'Inconsistent With Reality': Top Scientists Take Aim at Trump's Climate Denialism

Published on
by

'Inconsistent With Reality': Top Scientists Take Aim at Trump's Climate Denialism

Like the planet itself, write 375 scientists in open letter, the political system also has tipping points

Like the planetary climate system itself, scientists argue in their letter, the nation's political system also has "tipping points" and they warn that the consequences of Republican pulling out of climate agreeements "would be severe and long-lasting." (Image: ResponsibleScientists/with overlay)

Spurred by the continued failure of too many political leaders and "great concern" over Donald Trump's specific threat to cancel U.S. participation in the Paris climate agreement if elected president, 375 top American scientists published an open letter on Tuesday castigating climate denialism and urging bold action to address a threat that is "real, serious, and immediate."

All established members of the National Academy of Scientists, the signers of the letter argue there is no equivocation within the scientific community and that the United States has a special responsibility to show immediate leadership to forge solutions to the crisis.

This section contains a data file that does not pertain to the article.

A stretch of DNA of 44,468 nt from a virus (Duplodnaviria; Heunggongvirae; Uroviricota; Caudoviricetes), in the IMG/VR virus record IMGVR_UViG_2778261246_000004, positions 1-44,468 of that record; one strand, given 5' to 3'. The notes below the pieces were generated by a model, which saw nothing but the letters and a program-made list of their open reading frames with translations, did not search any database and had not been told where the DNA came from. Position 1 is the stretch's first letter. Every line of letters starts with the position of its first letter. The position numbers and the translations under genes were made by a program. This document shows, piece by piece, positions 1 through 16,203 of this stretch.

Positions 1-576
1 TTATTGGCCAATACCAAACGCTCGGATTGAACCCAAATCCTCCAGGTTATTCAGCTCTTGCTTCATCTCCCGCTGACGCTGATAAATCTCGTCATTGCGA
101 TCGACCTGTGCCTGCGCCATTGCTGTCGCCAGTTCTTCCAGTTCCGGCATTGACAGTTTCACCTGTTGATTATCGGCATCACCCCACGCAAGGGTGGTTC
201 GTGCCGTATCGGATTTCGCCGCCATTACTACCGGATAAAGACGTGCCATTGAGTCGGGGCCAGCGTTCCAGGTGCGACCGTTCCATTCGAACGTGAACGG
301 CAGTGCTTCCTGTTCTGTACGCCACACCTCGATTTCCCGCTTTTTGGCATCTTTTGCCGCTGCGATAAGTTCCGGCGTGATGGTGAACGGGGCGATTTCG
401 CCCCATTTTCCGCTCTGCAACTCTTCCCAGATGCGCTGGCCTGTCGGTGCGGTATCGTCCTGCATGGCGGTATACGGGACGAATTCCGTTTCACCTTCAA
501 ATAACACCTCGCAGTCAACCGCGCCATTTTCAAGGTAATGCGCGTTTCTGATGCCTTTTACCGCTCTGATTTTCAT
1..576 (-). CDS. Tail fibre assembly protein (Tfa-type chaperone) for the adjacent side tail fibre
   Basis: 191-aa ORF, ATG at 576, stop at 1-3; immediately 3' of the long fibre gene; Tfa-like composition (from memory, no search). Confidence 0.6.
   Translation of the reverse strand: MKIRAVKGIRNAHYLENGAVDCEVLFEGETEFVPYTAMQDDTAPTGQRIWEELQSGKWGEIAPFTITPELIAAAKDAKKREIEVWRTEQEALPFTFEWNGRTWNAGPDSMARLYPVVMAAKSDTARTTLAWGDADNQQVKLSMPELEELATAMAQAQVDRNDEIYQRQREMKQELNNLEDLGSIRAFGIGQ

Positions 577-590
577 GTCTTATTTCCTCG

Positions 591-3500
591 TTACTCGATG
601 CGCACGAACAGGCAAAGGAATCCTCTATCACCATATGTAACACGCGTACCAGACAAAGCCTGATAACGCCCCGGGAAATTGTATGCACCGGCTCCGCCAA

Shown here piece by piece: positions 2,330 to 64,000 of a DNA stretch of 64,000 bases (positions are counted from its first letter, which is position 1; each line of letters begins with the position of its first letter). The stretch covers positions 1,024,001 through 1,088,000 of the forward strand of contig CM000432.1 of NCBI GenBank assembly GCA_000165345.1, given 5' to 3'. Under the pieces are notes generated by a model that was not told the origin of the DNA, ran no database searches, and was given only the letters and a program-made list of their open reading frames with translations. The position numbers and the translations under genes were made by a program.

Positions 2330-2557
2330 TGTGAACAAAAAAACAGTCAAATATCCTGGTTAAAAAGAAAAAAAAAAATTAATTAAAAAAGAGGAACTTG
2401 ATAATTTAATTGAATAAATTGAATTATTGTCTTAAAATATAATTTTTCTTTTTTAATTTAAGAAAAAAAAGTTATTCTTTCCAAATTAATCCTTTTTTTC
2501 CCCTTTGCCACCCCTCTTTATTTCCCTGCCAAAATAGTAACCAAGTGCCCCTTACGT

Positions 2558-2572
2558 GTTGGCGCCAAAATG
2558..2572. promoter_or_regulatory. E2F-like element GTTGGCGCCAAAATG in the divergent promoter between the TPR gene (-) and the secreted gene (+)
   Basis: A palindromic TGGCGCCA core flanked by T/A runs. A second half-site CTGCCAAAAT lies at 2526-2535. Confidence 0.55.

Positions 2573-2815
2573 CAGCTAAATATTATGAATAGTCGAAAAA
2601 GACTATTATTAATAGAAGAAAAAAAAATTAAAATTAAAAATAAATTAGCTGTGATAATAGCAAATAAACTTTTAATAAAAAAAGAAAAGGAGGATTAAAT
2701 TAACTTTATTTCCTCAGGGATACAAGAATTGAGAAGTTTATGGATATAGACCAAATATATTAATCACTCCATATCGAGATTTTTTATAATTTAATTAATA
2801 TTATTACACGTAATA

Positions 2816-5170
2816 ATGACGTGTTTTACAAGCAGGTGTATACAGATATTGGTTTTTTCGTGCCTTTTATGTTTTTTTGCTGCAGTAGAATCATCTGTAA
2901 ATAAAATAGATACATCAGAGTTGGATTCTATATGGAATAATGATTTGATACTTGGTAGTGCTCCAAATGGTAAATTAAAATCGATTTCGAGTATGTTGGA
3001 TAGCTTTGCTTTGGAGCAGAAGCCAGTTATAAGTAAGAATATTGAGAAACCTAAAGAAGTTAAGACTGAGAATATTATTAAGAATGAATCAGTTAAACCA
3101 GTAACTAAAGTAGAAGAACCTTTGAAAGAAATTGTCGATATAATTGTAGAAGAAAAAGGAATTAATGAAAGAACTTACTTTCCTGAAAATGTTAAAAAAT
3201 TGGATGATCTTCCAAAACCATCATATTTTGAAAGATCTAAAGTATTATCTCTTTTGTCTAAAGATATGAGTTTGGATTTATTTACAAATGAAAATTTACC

"For those who vote in anti-science politicians who attack the scientific experts rather than our pollution problem, your legacy will be the climate change that you could have helped prevent. Those voters will own climate change."
—Dr. John Abraham, thermal scientist
"Human-caused climate change is not a belief, a hoax, or a conspiracy. It is a physical reality," the letter begins. "Fossil fuels powered the Industrial Revolution. But the burning of oil, coal, and gas also caused most of the historical increase in atmospheric levels of heat-trapping greenhouse gases. This increase in greenhouse gases is changing Earth's climate."

It continues: "Our fingerprints on the climate system are visible everywhere. They are seen in warming of the oceans, the land surface, and the lower atmosphere. They are identifiable in sea level rise, altered rainfall patterns, retreat of Arctic sea ice, ocean acidification, and many other aspects of the climate system. Human-caused climate change is not something far removed from our day-to-day experience, affecting only the remote Arctic. It is present here and now, in our own country, in our own states, and in our own communities."